An output device presents information to the user from a computer. Here are some examples of output devices:
- Monitors and projectors
- Printers, scanners, and fax machines
- Speakers and headphones
Monitors and Projectors
Monitors and projectors are primary output devices for a computer. There are different types of monitors, as shown in Figure 1. The most important difference between these monitor types is the technology used to create an image:
- CRT - The cathode-ray tube (CRT) has three electron beams. Each beam is directed at colored phosphor dots on the screen that glow red, blue, or green when struck by the beam. Areas not struck by an electron beam do not glow. The combination of glowing and non-glowing areas creates the image on the screen. Some televisions use this technology. CRTs usually have a degauss button on the front that the user can press to remove discoloration caused by magnetic interference.
- LCD - Liquid crystal display (LCD) is commonly used in flat panel monitors, laptops, and some projectors. It consists of two polarizing filters with a liquid crystal solution between them. An electronic current aligns the crystals so that light can either pass through or not pass through. The effect of light passing through in certain areas and not in others is what creates the image. LCD comes in two forms, active matrix and passive matrix. Active matrix is sometimes called thin film transistor (TFT). TFT allows each pixel to be controlled, which creates very sharp color images. Passive matrix is less expensive than active matrix but does not provide the same level of image control. Passive matrix is not commonly used in laptops.
- LED - A light-emitting diode (LED) display is an LCD display that uses LED backlighting to light the display. LED has lower power consumption than standard LCD backlighting, allows the panel to be thinner, lighter, brighter, and display better contrast.
- OLED - An organic LED display uses a layer of organic material that responds to electrical stimulus to emit light. This process allows each pixel to light individually, resulting in much deeper black levels than LED. OLED displays are also thinner and lighter than LED displays.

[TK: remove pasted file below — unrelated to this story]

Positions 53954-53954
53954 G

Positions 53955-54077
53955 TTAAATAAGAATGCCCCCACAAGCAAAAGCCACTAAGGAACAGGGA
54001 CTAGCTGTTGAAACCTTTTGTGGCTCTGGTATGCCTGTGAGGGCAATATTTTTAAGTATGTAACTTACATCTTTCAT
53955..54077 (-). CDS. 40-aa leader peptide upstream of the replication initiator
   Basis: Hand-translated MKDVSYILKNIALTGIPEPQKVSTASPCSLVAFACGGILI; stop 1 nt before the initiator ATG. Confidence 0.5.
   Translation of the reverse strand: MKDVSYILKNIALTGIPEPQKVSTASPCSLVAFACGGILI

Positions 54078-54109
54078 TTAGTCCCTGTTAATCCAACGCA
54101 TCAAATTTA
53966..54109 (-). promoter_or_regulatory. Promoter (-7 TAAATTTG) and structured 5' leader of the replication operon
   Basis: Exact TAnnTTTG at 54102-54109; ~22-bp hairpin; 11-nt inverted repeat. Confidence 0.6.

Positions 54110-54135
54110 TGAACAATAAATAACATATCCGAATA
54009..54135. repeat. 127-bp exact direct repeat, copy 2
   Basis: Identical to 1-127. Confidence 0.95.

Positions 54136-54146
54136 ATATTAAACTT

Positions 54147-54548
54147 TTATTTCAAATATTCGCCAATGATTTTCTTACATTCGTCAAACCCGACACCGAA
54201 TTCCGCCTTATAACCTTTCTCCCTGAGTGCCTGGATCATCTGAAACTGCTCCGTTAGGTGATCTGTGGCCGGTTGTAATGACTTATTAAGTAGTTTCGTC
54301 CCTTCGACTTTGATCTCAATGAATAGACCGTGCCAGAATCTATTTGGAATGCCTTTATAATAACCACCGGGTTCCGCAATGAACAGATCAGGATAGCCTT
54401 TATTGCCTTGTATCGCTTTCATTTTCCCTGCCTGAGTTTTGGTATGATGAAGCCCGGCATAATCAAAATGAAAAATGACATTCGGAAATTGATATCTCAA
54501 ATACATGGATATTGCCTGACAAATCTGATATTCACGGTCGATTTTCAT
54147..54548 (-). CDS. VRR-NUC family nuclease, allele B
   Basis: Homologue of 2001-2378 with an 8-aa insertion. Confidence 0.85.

- Plasma - Plasma displays are another type of flat panel monitor that can achieve high levels of brightness, deep black levels, and a very wide range of colors. Plasma displays can be created in sizes of up to 150 in (381 cm) or more. Plasma displays get their name from the use of tiny cells of ionized gas that light up when stimulated by electricity. Plasma displays are often used in home theater applications because of their accurate representation of video.
- DLP - Digital Light Processing (DLP) is another technology used in projectors. DLP projectors use a spinning color wheel with a microprocessor-controlled array of mirrors called a digital micromirror device (DMD). Each mirror corresponds to a specific pixel. Each mirror reflects light toward or away from the projector optics. This creates a monochromatic image of up to 1024 shades of gray in between white and black. The color wheel then adds the color data to complete the projected color image.
Printers are output devices that create hard copies of computer files. Some printers specialize in particular applications, such as printing color photographs. All-in-one printers, like the one shown in Figure 2, are designed to provide multiple services, such as printing, scanning, faxing, and copying.
Speakers and Headphones
Speakers and headphones are output devices for audio signals. Most computers have audio support either integrated into the motherboard or on an adapter card. Audio support includes ports that allow input and output of audio signals. The audio card has an amplifier to power headphones and external speakers, as shown in Figure 3.